What makes a working mother and average athlete decide to take on a massive physical and mental challenge to run, cycle and kayak the perimeter of South Africa, covering 6 772 km in less than five months? Kim van Kets was inspired by her desire to demonstrate to her daughter the fact that mothers are heroes too. She was able to justify the 'time-out' after having built up a credit balance of 150 days owed to her by her adventurer husband. Her story is a positive and enthusiastic 'off the beaten track' South African adventure and is amusing, anecdotal and inspiring.
It tells of the physical and mental challenges of the journey but focuses on stories surrounding the people and places she encountered along the way, including those of the ancient Kalahari farmer who pronounced her to be a 'Ramkat' and the Nama goatherd who seemed doubtful about her gender and anxious to be rid of her. The book is also a wonderful South African travelogue and is studded with nuggets of history and fascinating trivia about the plants, animals, characters and places as well as brief summaries of important life lessons the journey highlighted for the author.
It will leave the reader feeling upbeat, inspired and eager to explore the splendour of the beloved country and its people.
Mountains In The Sea takes the reader on an exploration of The Table Mountain National Park through a visual feast that tells the story of the mountain chain that defines Cape Town, dipping its toe into the ocean at Cape Point at its southern end, rising rugged and varied along its spine, and standing flat-topped and majestic to the north over the city bowl and Table Bay.
The book, with a short introductory text by award-winning environmental journalist John Yeld, explains the global biological significance of an area that lies at the heart of the Cape Floristic Region - a World Heritage Site - and that harbours more endemic floral species per square kilometre than any other in the world. In a highly accessible short essay, Yeld traces the struggle to have the park formally established and looks at the challenges it will face in the future.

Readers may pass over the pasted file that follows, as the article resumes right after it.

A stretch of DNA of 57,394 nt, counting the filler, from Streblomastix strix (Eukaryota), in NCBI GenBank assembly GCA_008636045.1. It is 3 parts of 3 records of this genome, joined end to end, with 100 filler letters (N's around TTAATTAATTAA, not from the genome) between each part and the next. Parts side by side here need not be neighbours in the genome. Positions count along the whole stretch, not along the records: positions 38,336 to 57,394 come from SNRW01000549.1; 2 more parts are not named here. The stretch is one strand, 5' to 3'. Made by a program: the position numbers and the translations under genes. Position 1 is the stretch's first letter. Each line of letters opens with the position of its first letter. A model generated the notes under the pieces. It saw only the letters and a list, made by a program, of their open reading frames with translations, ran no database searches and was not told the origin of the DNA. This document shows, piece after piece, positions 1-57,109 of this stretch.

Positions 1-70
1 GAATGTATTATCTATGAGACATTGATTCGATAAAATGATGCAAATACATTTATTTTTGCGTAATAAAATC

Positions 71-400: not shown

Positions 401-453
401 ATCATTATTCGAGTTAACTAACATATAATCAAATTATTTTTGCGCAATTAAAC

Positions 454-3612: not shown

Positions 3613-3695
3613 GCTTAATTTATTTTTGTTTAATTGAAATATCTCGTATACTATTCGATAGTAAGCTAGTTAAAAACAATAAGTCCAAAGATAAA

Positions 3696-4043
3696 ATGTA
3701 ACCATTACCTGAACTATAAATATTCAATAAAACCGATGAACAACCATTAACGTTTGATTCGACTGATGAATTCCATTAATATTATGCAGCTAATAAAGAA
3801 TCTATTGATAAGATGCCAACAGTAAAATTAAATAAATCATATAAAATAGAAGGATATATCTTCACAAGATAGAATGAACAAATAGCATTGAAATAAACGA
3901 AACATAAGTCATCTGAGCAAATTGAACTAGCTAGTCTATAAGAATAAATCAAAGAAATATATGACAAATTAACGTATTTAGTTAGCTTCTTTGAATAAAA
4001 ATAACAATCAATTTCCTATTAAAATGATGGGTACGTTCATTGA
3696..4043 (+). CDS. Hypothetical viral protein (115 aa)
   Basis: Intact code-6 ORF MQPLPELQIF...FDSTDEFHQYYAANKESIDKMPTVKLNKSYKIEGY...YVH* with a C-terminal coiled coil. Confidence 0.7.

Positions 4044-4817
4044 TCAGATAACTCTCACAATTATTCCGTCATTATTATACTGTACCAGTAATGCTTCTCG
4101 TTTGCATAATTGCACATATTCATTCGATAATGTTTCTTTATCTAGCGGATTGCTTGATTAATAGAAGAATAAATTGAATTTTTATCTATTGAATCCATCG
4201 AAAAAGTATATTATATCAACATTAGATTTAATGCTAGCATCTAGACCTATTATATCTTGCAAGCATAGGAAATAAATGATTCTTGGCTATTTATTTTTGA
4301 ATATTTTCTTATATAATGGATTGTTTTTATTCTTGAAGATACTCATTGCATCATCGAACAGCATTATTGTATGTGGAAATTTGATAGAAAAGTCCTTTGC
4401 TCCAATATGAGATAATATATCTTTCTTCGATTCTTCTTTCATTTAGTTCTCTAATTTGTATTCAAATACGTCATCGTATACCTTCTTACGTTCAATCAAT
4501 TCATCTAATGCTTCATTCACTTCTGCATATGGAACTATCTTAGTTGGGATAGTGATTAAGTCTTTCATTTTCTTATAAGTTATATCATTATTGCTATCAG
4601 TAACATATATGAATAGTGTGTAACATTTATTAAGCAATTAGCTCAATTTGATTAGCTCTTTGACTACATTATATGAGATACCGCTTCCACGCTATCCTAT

The bulk of the book is a rich photographic journey that is complimented by a few short texts that explore the floral, animal, ecological, geological and social history of the mountain.
The extraordinary new autobiography from adventurer Bear Grylls. In Never Give Up, global adventurer and TV presenter Bear Grylls chronicles his life and career since stepping onto screen, taking readers along with him on his most famous adventures, sharing personal stories from his favourite expeditions, and capturing his hairiest survival challenges. The follow up to the internationally bestselling Mud, Sweat and Tears, in this new autobiography Bear takes readers behind the scenes on infamous 'Man vs. Wild' shoots and provides an insight into what it's really like to go 'Running Wild' with guests including President Obama, Roger Federer and Julia Roberts. Along the way, Bear explores the valuable lessons he's learned in the wild, opens up about his most personal challenges and achievements, and celebrates the true value of adventure and the enduring importance of courage, kindness and resilience.
"White, and more white, in every imaginable shade. Each and every second in this whiteness became an ordeal: being this close to the magnetic South Pole made the needle of my compass spin like the hands of a crazy watch. I didn't know where I was heading. I was a blind man in the middle of Antarctica ... "
South African-born explorer Mike Horn achieved his childhood dream of crossing Antarctica in February 2017. Journeying alone across this immense, white desert on foot and by kite-ski, he followed an unexplored path: 5 100 kilometres over crevasses, ice fields and some of the highest summits of the South Pole.
Dream of a Lifetime: Crossing Antarctica tells the story of the authorʼs deeply personal quest, which followed the loss of his wife. It is the narrative of an individual testing his limits and overcoming adversity through willpower, with the support of family and friends.